Seeking Alpha
We cover over 5K calls/quarter
Profile| Send Message|
( followers)  

CarMax, Inc. (NYSE:KMX)

F3Q09 Earnings Call

December 19, 2008 9:00 am ET

Executives

Katharine Kenny - Head of Investor Relations

Tom Folliard - President and Chief Executive Officer

Keith Browning - Executive Vice President and Chief Financial Officer

Analysts

Brian Nagel – UBS

Rex Henderson – Raymond James

Bill Armstrong – CL King

Matthew Fassler – Goldman Sachs

Scot Ciccarelli – RBC Capital Markets

Sharon Zackfia – William Blair

Matt Nemer – Thomas Weisel Partners

Rich Kwas – Wachovia

Matt Gardener – No Company Listed

Analyst for Rod Lache – Deutsche Bank

Cid Wilson – Kevin Dann & Partners

Operator

At this time I would like to welcome everyone to the CarMax third quarter earnings conference call. (Operator Instructions)

Ms. Kenny you may begin your conference.

Katharine Kenny

Good morning. Welcome to our fiscal 2009 third quarter earnings conference call. On the call with me today are Tom Folliard, our President and Chief Executive Officer and Keith Browning, our Executive Vice President and Chief Financial Officer.

Before we begin let me remind you that our statements today regarding the company’s future business plans, prospects, and financial performance are forward-looking statements that we make pursuant to the Safe Harbor provisions of the Private Securities Litigation Reform Act of 1995. These statements are based on management’s current knowledge and assumptions about future events that involve risks and uncertainties that could cause actual results to differ materially from our expectations.

In providing projections and other forward-looking statements, the company disclaims any intent or obligation to update them. For additional information on important factors that could affect these expectations please see the company’s Annual Report on Form 10K for the fiscal year ended February 29, 2008, filed with the SEC.

Before I turn the call over to Tom, let me just say one thing for all of our traveling comrades in Richmond; Go Spiders.

Tom?

Tom Folliard

Thank you. Good morning everyone. Thanks for joining us. As you can all see from our press release this morning we continue to face extremely challenging market place conditions. We operate in three industries; retail, auto and credit, all of which have been among the hardest hit by current economic conditions.

Although we believe the issues are externally driven we plan to take effective action to preserve our profitability and capital. Our used unit comp reduction of 24% was entirely a result of the decrease in store traffic. In fact, traffic fell a little bit further than comp sales but we managed to offset some of the decline with improved execution.

We once again reduced our used vehicle inventory this quarter by over 8,300 units or approximately $140 million. Year-over-year inventory is lower by approximately 18,500 units or over $340 million. Our used inventory turns for the quarter improved somewhat over last year and we modestly decreased our borrowings over the course of the year.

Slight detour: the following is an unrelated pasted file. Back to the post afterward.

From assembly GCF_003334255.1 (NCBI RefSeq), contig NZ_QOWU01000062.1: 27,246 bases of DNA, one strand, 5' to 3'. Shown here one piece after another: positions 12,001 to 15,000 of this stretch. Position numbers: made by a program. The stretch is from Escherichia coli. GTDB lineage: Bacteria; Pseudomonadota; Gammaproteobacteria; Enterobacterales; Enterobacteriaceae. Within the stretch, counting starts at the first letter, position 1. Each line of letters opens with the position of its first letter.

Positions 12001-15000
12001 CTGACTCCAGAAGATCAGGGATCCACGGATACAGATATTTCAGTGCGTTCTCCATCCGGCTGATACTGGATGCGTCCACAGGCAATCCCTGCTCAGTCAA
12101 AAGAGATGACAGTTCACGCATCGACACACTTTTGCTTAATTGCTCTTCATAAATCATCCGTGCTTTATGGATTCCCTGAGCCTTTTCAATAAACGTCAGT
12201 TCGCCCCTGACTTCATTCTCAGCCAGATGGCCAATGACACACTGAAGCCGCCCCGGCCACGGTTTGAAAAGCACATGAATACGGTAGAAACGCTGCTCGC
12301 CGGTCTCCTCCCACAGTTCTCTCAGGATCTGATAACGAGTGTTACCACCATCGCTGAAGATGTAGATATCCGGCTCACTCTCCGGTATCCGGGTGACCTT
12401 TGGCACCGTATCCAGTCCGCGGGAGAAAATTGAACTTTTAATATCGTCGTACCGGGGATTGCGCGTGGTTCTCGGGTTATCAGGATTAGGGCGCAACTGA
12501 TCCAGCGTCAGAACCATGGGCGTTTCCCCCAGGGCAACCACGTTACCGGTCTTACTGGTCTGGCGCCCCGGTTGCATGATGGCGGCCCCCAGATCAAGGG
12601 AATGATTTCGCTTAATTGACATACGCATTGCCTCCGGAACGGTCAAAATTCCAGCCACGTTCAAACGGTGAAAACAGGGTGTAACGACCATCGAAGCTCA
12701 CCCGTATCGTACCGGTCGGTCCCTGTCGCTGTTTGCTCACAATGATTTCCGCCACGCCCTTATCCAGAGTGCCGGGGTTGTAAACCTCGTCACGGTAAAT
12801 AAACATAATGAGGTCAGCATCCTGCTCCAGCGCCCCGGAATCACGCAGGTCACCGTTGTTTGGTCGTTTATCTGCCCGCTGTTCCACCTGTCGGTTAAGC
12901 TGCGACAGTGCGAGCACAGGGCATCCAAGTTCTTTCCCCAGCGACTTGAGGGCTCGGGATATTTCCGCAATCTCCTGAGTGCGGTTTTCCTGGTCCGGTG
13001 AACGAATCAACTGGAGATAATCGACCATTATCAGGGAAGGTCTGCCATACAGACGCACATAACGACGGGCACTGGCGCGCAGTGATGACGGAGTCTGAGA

We were also able to hold gross profit per vehicle nearly flat compared to last year despite the dramatic decrease in wholesale values. Our cosmetic operations, restructuring and waste reduction initiatives will continue to make us more cost effective over time.

In addition, we continue to shrink variable labor expense through attrition, a decrease in scheduled work hours and through a reduction in our work force in early October. Finally, we made the decision that I will discuss shortly to temporarily suspend our store growth until conditions improve. We will also continue to aggressively seek further opportunities to lower costs throughout the company.

Now let’s go over some of the key financial results. First, sales.

In the third quarter total sales decreased to $1.46 billion compared to $1.89 billion in the third quarter of fiscal 2008. We opened just one store in Hickory, North Carolina, a non-production store in our Charlotte market. At the end of the third quarter we operated 99 stores in 46 U.S. markets.

U.S. vehicle revenues declined 23% for the quarter due to a combination of a 7% decrease in average selling price and a 17% decrease in unit sales. The average selling price was lower as a result of the industry wide decline in used car valuations. Our average sale price for wholesale vehicles fell by 12% combined with a decrease of wholesale vehicles sold of approximately 15%, the result of lower appraisal traffic and a lower appraisal buy ring. Total wholesale revenues decreased by 25%.

On the gross profit, our third quarter gross profit per used vehicle decreased by $32 compared with last year. We are very pleased to be able to maintain our gross profit in a period of rapid depreciation approximately triple the normal levels we see in this time while also reducing inventory levels and improving our used vehicle turns.

Our wholesale profit per unit which increased $20 compared to the third quarter of last year is once again a positive reflection of our unique inventory management systems and the continued success of our auctions. While absolute dealer attendance and wholesale volumes were down our record dealer-to-car ratio and our industry leading wholesale industry turns are what we believe contributed to these results.